LEGIONNAIRES #7 October 1993 Legionnaires #7 is a done in one story that takes place right after a six-issue story-line that was very heavy. At this point in time, when you needed a lighter story with a fill-in artist, DC went to Adam Hughes, most famous at the time for his work on Justice League America. This was before Adam Hughes worked with Wildstorm FX on Gen13 and learned Photoshop which revolutionized his artwork. If you check out Adam Hughes' origins for Wonder Woman and Power Girl in 52 or his work on Dr. Manhattan, you know how even his panel to panel work has been transformed by his evolution. SUMMARY Inferno, Triad, Matter-Eater Lad, Brainiac 5, Andromeda, Apparition, Ultra Boy, and Shrinking Violet are taking a vacation to the Atlantis dome of New Earth. They check into an inn run by an Atlean family complete with a cute mermaid daughter with a crush on Inferno. Operating under the assumption that everything is being comped, Inferno and Matter-Eater Lad indulge in play, and Matter-Eater Lad tries to put the moves on Shrinking Violet, who's interested in just being friends.The Legionnaires get caught in the crossfire of Atlanteans and alien Devil-Fish, and discover that the Devil Fish secretly settled on Earth, and thought the Atlanteans were responsible for the deaths caused when the domed cities of New Earth fled the destruction of Earth.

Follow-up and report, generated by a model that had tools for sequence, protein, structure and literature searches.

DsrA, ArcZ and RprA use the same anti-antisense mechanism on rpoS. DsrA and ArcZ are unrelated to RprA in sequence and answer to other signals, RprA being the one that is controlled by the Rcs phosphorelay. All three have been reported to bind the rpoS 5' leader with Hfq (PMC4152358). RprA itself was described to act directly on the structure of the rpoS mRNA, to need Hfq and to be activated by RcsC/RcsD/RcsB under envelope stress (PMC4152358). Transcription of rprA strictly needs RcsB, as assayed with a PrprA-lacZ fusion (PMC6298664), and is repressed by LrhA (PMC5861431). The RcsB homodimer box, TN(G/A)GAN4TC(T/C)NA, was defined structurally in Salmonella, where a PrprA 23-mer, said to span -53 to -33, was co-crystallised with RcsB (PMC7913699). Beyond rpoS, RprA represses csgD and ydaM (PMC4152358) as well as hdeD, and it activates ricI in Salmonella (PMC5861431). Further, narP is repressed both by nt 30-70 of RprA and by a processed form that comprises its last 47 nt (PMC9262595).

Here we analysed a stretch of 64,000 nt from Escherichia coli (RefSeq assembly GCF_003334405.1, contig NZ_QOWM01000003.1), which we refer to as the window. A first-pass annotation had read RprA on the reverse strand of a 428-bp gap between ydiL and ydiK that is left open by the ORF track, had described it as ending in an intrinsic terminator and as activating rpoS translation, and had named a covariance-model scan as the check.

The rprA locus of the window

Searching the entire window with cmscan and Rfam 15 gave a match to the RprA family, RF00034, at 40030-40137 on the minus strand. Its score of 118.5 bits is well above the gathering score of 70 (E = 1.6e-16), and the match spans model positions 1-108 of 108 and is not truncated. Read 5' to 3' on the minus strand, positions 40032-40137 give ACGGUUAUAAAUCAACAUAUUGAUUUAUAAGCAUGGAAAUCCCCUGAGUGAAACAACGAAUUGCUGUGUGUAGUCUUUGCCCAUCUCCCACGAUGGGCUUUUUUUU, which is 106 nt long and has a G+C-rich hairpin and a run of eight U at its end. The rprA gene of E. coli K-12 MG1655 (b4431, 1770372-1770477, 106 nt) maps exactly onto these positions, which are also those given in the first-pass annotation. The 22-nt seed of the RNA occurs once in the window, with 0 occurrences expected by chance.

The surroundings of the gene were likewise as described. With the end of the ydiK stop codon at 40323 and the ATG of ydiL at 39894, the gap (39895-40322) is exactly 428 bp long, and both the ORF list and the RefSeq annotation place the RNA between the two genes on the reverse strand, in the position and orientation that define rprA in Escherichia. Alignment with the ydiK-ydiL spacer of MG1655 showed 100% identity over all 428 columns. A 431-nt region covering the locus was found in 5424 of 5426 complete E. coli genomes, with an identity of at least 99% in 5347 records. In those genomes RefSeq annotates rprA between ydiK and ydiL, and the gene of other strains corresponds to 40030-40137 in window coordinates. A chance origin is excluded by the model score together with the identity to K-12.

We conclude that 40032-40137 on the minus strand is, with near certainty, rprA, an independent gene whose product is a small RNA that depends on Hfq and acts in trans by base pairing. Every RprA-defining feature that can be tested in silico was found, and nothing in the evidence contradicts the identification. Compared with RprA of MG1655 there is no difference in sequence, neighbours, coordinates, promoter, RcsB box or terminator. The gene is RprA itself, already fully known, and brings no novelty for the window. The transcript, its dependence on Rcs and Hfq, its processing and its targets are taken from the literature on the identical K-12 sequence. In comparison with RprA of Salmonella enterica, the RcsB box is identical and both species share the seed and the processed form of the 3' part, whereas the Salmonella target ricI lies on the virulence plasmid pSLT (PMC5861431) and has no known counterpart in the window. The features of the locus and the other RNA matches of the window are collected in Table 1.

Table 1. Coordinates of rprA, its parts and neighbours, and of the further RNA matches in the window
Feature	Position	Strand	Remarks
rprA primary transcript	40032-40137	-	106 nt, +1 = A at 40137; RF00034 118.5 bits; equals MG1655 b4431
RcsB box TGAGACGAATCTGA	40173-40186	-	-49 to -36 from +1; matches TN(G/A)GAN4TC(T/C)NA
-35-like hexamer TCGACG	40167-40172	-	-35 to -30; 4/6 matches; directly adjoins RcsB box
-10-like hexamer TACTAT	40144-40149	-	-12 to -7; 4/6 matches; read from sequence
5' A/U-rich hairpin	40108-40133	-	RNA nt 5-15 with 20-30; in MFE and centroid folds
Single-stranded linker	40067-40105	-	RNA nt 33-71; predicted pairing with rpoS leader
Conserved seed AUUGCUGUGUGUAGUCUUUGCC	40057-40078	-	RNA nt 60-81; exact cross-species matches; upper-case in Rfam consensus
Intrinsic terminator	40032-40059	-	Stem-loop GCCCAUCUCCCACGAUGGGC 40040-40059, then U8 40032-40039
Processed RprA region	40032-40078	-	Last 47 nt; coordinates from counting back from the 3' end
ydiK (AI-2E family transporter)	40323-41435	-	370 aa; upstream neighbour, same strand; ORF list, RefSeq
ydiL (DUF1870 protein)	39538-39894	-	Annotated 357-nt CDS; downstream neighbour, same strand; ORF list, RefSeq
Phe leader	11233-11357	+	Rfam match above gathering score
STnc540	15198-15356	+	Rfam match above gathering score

LEGION OF SUPER-HEROES #92 May 1997 Legion Of Super-Heroes #92 was a nice little pause middle of a period where my interest in the Legion was beginning to wane. The creators of the time split the team up into two, stranding one in the 20th century where they participated in the "Final Night" crossover and got to interact with just about every hero in the DC Universe. That team got the Legion of Super-Heroes title, while the others left back home in the 30th century carried on in Legionnaires. During this period, Curt Swan who penciled a good many of the Silver Age Legion stories died and this issue was a tribute to him. The striking cover hearkens back to the "alien space monster" theme popular in sci-fi during the late 1950s, where the story is set. That seem like as good a place as any to launch into the story recap, so get ready for some fifties themed monster fun. SUMMARY Mr. Swan, an art teacher in a stereotypical high school, is teaching a group of teens that look suspiciously like our familiar Legionnaires. The names are plays on their alter egos: Rick Crane (Cosmic Boy), Irma Arden (Saturn Girl), Earl Docks (Brainiac 5), Ella Rand (Spark), Joe Knotts (Ultra Boy), Laura, Lorna, and Lauren Dugan (Triplicate Girl), and Sandy Anderson (Inferno, but we never learned her real name). The teens are also members of the school design club who are preparing for a visit by President Eisenhower. On the way home, Joe Knotts true to his young hood nature, hits on the cheerleader Sandy, whose rescued by teen lovebirds Irma and Rick. Joe instead follows the Dugan triplets. Ella thwarts some mushiness between Irma and Rick as Joe observes the Dugans merge in their bedroom using X-Ray Vision, revealing to us that there's something odd about both, uh all four(?) of them.